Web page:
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Guide to the John D. Mihalov Papers, 1960-1997
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Collection Details
Table of contents What's This?
  • Descriptive Summary
  • Administrative Information
  • Related Collections
  • Acquisition Information
  • Biographical History
  • Sources Consulted:
  • Indexing Terms
  • Scope and Content
  • Arrangement of the John D. Mihalov Papers

  • Descriptive Summary

    Title: John D. Mihalov Papers
    Date (inclusive): 1960-1997
    Collection Number: PP05.22-JM
    Creator: Mihalov, John D. (John Donald)
    Extent: Volume: 18 cubic feet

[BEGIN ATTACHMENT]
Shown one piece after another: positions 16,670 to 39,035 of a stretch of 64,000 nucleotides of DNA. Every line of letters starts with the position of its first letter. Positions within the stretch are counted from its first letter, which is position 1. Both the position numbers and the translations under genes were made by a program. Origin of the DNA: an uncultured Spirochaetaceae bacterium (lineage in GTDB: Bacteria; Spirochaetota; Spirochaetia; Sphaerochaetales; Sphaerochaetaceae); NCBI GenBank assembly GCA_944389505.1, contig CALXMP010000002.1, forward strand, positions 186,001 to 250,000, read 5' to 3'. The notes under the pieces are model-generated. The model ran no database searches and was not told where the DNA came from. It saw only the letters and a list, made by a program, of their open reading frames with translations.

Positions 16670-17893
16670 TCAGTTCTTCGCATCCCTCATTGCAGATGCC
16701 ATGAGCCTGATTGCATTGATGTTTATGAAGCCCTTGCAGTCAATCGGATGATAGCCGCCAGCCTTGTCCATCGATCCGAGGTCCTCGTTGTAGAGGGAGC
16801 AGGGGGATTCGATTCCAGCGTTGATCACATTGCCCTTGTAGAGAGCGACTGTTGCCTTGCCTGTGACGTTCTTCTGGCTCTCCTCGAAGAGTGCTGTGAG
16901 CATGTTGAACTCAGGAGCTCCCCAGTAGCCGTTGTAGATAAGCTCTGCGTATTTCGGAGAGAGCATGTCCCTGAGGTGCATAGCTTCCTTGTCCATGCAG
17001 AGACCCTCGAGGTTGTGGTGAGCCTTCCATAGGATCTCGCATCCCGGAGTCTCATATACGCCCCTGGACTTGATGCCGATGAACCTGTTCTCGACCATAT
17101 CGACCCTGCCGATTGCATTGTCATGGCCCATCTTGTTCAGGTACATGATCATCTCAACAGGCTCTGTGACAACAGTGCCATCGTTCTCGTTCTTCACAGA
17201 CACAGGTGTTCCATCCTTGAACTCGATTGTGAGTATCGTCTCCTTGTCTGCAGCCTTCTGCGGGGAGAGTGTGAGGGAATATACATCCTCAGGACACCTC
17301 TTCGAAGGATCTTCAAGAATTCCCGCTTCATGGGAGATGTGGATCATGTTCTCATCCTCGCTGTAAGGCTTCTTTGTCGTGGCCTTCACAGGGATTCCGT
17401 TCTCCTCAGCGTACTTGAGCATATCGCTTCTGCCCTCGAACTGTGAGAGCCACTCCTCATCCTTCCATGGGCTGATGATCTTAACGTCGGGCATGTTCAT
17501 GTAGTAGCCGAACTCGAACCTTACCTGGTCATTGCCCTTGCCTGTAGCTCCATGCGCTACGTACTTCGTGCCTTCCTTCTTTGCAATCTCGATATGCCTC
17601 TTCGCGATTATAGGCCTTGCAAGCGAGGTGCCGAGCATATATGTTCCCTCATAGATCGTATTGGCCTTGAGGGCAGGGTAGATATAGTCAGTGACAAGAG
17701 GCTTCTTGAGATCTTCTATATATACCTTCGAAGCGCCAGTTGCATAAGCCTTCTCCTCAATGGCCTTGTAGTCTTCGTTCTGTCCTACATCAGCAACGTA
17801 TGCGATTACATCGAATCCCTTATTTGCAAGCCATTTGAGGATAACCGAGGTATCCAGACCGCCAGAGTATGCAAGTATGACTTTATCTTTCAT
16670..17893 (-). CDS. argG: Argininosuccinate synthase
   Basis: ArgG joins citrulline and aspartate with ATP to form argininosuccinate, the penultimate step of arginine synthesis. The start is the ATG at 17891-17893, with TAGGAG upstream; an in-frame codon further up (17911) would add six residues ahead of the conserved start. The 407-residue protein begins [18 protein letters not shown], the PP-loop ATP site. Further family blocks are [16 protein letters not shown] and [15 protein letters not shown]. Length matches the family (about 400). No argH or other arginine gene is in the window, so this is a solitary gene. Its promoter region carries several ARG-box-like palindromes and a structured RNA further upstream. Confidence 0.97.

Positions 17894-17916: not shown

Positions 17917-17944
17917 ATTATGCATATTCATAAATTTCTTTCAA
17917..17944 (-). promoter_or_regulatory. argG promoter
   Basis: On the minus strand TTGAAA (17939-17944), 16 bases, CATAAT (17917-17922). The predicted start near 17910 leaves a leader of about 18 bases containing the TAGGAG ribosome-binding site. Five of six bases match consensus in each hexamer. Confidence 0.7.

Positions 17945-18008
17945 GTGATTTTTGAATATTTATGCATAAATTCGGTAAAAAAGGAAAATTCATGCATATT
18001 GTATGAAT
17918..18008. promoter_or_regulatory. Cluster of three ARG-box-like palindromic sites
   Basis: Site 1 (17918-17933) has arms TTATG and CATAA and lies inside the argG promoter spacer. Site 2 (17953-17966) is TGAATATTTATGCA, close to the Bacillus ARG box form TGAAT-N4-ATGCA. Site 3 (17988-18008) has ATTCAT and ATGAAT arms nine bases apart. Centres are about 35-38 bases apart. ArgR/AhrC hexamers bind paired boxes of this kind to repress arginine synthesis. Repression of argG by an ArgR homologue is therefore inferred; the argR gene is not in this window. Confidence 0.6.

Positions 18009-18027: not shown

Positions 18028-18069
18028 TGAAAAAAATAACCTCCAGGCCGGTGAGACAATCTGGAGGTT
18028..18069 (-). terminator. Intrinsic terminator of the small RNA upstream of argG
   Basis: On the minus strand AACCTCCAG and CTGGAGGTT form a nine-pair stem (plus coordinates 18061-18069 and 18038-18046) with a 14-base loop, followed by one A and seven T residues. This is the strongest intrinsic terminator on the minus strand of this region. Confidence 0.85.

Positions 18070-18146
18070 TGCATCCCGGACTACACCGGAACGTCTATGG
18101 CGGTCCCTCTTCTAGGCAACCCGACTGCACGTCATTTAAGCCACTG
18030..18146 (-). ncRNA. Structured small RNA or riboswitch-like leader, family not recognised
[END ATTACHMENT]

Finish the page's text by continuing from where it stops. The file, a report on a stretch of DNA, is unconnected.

Repository: Ames Research Center, Ames History Office
    Moffett Field, California 94035
    Abstract: The John D. Mihalov Papers include record books, meeting notes, project proposals, correspondence, design reviews, experiment plans, circuit diagrams, instrument descriptions, test reports, data, charts, plots, presentations for international meetings, publications, peer reviews, press kits, and reference materials documenting Mihalov's solar physics contributions to Pioneers 6 through 11, Pioneer 12 (Pioneer Venus Orbiter), and the Galileo Probe during his career as a research scientist at the NASA Ames Research Center.
    Language: English

    Administrative Information


    Collection is open for research.

    Publication Rights

    Copyright does not apply to United States government records. For non-government material, researcher must contact the original creator.

    Preferred Citation